Kendall Presidents: Hail and Farewell

Ferris State University’s Kendall College of Art and Design held a dual celebration in May when the doors opened to its $31 million renovation of the old Federal Building. In addition to taking tours of the former courthouse and post office, guests welcomed Kendall’s new president and said goodbye to its current chief.

Retiring after 18 years, Kendall’s President Dr. Oliver Evans, on the left (above photo), introduced his successor, Dr. David Rosen, on the right with Grand Rapids Mayor George Heartwell in between.  Under President Evans’ leadership, in 2001 Kendall joined forces with Ferris expanding the art school to 1400 students and multiplying its offerings. New this fall, for example, will be a course on medical illustration.

The Federal Building’s last tenant before Kendall was the Grand Rapids Art Museum. Having outgrown its Fulton Street facility, in 1981, GRAM moved into the then vacant Federal Building. By 2000, GRAM again needed to move and Peter Wege spearheaded a drive to build the art museum in 2007.   As with his GRAM vision to be the world’s first green museum, Wege’s gift to Kendall reflects his commitment to economicology and LEED certification.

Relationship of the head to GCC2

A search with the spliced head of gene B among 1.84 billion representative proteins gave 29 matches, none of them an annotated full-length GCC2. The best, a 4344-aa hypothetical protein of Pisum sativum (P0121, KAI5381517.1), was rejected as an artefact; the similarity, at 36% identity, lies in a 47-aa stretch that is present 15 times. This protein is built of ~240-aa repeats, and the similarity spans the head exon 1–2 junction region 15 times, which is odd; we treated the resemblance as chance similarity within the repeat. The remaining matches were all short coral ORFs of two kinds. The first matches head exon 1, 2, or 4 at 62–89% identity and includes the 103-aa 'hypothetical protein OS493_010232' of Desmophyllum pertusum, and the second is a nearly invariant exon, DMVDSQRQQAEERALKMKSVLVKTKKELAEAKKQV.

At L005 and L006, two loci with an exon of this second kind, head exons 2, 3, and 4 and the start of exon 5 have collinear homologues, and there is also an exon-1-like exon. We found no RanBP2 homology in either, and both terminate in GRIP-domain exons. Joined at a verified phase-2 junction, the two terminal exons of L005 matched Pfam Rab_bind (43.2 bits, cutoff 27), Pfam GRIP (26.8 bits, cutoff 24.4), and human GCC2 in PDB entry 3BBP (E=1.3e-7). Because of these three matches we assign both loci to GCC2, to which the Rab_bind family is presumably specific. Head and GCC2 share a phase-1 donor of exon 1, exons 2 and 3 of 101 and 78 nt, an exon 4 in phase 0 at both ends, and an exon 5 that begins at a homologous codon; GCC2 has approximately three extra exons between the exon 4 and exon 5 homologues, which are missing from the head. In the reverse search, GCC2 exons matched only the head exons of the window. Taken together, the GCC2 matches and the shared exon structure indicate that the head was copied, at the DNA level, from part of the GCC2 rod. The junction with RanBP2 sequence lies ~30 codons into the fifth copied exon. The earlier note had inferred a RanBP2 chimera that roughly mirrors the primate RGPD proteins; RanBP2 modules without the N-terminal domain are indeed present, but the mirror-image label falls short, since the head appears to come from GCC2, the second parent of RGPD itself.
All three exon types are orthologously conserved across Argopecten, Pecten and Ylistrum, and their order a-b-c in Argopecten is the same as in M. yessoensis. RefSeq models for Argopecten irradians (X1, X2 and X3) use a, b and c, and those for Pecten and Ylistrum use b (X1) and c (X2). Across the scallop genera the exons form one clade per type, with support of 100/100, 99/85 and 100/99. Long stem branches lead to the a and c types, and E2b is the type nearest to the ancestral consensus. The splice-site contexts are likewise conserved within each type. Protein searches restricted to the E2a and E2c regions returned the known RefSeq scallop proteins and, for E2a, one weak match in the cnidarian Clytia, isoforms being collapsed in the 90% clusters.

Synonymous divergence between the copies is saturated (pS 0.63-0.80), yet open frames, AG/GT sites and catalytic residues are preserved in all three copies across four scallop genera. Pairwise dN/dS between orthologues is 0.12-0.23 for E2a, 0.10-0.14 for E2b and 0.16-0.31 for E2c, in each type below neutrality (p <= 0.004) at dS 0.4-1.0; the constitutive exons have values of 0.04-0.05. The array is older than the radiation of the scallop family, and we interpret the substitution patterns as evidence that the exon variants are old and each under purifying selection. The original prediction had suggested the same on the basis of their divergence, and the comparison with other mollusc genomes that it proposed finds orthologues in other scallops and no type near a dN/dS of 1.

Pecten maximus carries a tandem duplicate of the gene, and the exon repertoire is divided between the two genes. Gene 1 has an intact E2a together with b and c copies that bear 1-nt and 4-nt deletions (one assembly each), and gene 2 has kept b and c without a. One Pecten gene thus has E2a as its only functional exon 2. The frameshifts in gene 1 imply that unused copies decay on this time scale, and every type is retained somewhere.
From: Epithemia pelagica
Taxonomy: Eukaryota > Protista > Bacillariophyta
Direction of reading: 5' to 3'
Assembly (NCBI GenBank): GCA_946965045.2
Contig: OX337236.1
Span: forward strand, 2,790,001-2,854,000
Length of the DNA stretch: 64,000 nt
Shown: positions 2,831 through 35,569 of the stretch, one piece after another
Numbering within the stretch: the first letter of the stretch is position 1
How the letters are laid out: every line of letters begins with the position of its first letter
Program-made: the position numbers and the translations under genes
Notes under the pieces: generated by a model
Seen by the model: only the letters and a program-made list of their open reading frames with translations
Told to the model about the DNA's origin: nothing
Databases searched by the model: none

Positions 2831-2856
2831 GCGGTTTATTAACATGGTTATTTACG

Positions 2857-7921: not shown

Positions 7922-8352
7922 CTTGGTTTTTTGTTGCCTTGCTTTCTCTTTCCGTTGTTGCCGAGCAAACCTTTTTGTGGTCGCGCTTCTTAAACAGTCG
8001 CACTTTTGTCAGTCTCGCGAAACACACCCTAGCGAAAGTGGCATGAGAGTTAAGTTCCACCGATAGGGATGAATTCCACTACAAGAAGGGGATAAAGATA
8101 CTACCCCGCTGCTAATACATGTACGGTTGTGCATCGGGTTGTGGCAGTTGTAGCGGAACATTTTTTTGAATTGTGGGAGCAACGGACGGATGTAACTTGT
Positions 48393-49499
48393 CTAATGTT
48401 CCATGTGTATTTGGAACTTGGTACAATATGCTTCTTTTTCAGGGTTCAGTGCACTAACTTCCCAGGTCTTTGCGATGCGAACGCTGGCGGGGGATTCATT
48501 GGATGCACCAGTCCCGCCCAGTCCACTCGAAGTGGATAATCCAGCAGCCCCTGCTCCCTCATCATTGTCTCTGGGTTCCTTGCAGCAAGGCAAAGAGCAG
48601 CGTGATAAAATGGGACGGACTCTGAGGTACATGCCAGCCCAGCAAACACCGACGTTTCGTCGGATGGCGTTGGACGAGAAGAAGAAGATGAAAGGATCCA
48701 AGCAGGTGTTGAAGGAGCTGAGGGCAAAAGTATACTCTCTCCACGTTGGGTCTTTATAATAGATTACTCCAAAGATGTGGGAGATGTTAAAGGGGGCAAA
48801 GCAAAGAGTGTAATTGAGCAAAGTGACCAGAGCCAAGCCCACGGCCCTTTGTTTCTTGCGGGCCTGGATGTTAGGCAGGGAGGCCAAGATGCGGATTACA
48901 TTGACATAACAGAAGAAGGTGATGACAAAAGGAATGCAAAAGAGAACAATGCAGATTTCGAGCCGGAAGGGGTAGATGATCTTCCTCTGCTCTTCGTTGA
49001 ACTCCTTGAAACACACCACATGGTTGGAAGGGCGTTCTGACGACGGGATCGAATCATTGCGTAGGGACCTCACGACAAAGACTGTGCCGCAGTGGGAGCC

The new cornerstone of Kendall’s environmental education is the Wege Center for Sustainable Design where students will learn the whole-systems approach to sustainability in art and design.

Kendall’s incoming president Dr. David Rosen came to Grand Rapids from California where he was Senior Vice President of Woodbury University, a private college specializing in the arts and architecture.

Under Rosen’s leadership, the National Education Trust named Woodbury the nation’s best small masters university in advancing Hispanic, low-income, and minority students. Dr. Rosen also directs plays and writes rock music.

Pictured in the Wege Center for Sustainable Design at Kendall are tour guide Shana Curtis and Ellen Satterlee, CEO of The Wege Foundation.
Pictured here is the original judge’s desk and stand from the 1911 opening of the U.S. District Court for the Western District. The courthouse building by architect James Knox also served as a U.S. post office.